End Day 3...another 200+ mile day....but...

Wallace's Sailing Adventure on "Arbella"
Mike and Vicki Wallace
Sun 2 Jun 2013 20:00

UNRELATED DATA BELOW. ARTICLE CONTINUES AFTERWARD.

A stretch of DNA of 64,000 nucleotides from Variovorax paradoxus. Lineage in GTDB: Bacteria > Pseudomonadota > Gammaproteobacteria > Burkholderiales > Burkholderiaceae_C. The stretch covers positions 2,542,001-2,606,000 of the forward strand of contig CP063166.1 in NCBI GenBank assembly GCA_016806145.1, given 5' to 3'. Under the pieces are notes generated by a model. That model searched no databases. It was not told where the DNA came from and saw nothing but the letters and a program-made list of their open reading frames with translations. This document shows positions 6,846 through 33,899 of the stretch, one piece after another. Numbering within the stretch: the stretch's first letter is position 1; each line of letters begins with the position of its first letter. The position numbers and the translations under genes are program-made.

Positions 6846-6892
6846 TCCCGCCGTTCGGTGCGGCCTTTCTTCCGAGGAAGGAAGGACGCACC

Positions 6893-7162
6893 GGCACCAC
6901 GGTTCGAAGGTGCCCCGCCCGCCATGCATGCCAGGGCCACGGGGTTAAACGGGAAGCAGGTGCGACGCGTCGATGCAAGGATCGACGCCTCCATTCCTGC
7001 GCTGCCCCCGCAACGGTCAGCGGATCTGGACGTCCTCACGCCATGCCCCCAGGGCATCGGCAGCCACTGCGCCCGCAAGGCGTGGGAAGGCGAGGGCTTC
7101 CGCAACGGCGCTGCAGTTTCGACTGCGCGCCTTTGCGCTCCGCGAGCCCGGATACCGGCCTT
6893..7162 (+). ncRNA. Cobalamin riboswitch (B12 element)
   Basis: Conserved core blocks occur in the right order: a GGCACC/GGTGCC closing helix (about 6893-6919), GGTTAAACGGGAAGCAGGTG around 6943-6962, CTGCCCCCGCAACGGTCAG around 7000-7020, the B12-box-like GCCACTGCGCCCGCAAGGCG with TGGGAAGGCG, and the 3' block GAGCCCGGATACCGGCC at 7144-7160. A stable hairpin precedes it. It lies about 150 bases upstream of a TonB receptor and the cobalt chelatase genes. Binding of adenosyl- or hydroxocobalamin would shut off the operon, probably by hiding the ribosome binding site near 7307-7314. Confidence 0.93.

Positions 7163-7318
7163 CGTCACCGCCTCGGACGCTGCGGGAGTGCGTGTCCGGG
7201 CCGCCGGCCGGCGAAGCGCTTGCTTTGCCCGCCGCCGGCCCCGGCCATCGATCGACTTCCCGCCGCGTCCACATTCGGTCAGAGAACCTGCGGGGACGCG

27:52.3N 68:25.3W   Three days in a row of over 200 miles...actually, 208 in the last 24 hours.  We are now 640 miles behind us and about 820 miles ahead!  Today we have had a variety of weather experiences!  We went from light rain and 10 knots on the beam, to a squall with 33 knots and very heavy rain, to cloudy skies and only 12 knots of wind dead astern.  And with the weather changes went multiple sail changes....from motor sailing with the main and the engine, to reefed main and genoa without the engine, to genoa only with light winds from astern.  And along the way setting and changing the set of the preventer on the port side several times.  The pictures below were taking during the heavy rain (with some laundry that did not get "in" on time)...."Otto" was at the helm (meaning the autopilot was engaged and steering the desired course)...since the wind was from astern, the rain blew fully into the cockpit and the companionway had to be secured (Mike and Ralph on a very, very wet watch topside).  But that's sailing....and we love it!  With new weather updates, we are now working through the next challenge....adequacy of fuel supply!  So here is a math test:  We carry 1500 liters (about 400 gallons) from the start....but we are now down to 1100 liters remaining...we burn 4 liters per hour for the generator, and burn 12 liters per hour when running the engine at normal cruising speed.  We need adequate fuel to motor up the Bay (about 120 miles, and will take 18 hours), and we need to allow fuel for 5 days of generator running at 5 hours per day....so...here is the test for Rob Webb's third grade class at Lake Magdalene School in Florida....how many hours can we run the engine at normal cruising speed....therefore, how many hours do we NEED to sail in order to get home without refueling (assume that we cruise with the engine, or sail at the same average speed of 7 knots)...it is 700 miles to the entrance to the Bay  !  The captain will be mentally running this calculation several times a day from here out!  But...we do have the option to stop for fuel just after we get to the mouth of the Bay; however, if we get there at night, and need fuel, we need to "hang out" until the fuel dock opens the next morning!  So let's sail!!  Tonight we are sailing with genoa only and doing 6.5 knots, on a starboard tack....tomorrow you will see our next planned maneuver for conserving fuel....will we tack?...Stay tuned!  Captain Mike